Finding the right hairstylist can have you looking and feeling like a celebrity. But when you leave the salon with a hairdo that doesn’t quite cut it, you may ask yourself if it’s all worth the price.
The average salon transaction price was $52.33 in 2016, up from $50.91 in 2015, according to data from consulting firm Kline for the Professional Beauty Association, a trade organization for salon professionals. Prices usually depend on the stylist’s experience and the type of service provided, with formal styles such as updos, extensive color and extensions living at the higher end.
However, some stylists and salons may stretch the truth to take advantage of unsuspecting clients in need of a cut, color or even costlier services. From providing unnecessary services to pushing designer hair care products, the pros can easily mislead and overcharge.
Here are five common lies your hairstylist might be telling you.
1. “Salon shampoo might be better for your hair.”
Most salons display shelves full of expensive, professional-quality hair products that they advertise to customers, especially based on hair color and texture. These products might be better than cheaper store brands, but don’t feel pressured to buy them. Many stylists sell these products on commission from the salon companies that make them.
In fact, close to 20 percent of salon revenue in 2016 came from “other goods and services,” including such products as cleansing and dry conditioners, thermal and curl care and clarifying items, according to Kline data.
One customer, Weixuan Liu, 22, says retail shampoos and conditioners do the job just as well.
“They will try to sell me their recommended shampoo, but I still use the store brand because most of [the salon products] are expensive and I never heard of them before,” says Liu, a college student in Athens, Ga.
For instance, an 8.5-ounce bottle of Redken Color Extend Conditioner usually fetches somewhere around $17 at salons and beauty shops, and about $14.50 on Amazon. Compare that to 28 ounces of a Suave Color Care Conditioner, which will set you back a more modest $4.99 at Target.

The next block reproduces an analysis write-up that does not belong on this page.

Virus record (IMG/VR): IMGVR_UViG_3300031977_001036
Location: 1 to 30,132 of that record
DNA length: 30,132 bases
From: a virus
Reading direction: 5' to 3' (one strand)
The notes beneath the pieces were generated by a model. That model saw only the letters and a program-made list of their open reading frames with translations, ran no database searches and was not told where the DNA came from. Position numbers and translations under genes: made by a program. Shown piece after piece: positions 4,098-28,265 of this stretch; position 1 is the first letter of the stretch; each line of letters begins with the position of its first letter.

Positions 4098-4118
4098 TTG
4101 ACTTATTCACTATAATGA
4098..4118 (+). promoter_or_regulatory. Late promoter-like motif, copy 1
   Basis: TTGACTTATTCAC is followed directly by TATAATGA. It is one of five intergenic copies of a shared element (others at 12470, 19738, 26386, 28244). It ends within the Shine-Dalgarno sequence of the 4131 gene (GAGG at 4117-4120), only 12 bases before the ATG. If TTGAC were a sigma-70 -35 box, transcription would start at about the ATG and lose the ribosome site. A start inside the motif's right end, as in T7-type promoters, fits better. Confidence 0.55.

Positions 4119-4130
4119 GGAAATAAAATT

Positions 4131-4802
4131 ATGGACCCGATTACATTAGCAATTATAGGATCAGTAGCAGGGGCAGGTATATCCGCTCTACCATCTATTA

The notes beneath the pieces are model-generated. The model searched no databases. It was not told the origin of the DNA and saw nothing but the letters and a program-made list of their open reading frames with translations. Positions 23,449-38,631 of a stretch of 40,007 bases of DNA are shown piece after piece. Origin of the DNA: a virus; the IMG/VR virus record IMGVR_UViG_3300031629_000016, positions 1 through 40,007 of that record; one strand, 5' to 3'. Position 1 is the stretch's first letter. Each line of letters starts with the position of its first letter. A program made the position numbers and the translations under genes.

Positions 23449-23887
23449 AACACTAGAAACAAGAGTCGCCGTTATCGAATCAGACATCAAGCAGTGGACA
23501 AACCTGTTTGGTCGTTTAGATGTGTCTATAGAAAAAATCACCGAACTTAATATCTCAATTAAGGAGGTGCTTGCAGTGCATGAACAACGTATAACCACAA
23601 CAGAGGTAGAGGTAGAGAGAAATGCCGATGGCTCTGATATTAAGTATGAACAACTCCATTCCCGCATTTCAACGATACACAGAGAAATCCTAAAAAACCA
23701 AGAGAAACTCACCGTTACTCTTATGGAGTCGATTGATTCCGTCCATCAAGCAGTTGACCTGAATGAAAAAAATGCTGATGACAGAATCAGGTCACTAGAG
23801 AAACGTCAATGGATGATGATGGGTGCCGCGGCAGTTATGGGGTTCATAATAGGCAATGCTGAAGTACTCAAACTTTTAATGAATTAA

Kendra Aarhus, a licensed cosmetologist in Cedar Rapids, Iowa, explains the method behind the salon’s strategy. “In short, salon brands have more of the good stuff in higher concentration and less fillers, waxes and ingredients that do more harm than good,” she says.
2. “You need a trim every six weeks.”
It actually depends on the length of your hair and the length you desire, Aarhus says. By making you believe that you need to come in for a trim at certain times, stylists guarantee your business and keep their income flowing.
Aarhus says while six weeks is a guideline for maintenance, clients who aim for longer hair should wait, well, somewhat longer in between trims.
“Your hair grows half an inch every month, so getting a trim every six weeks will maintain your length,” Aarhus says. “If you want to grow your hair out, it’s best to extend that trim to every eight to 12 weeks.”
Trimming definitely makes hair look healthier, but it has no effect on growth. When a stylist tells you this, what he or she usually means is that your hair grows more evenly with fewer split ends and less breakage, which may give it the illusion of growing faster.
“I think most stylists know that it doesn’t make your hair grow faster, but trimming the hair does help prevent excess breakage,” Aarhus says. “Hair will break off at a faster rate than it grows if not maintained.”
However, Aarhus advises against trimming too often. Considering the Professional Beauty Association’s figures, two or three fewer appointments per year can save over $100.
“Inquire about stretching your services out a week or two,” she says. “Less appointments per year can save a lot of money.”
3. “You’ll look just like (insert celebrity name here).”
Many times a client brings in a photo of an A-list model or actor as inspiration for a desired style. And all too often, the stylist makes this false promise.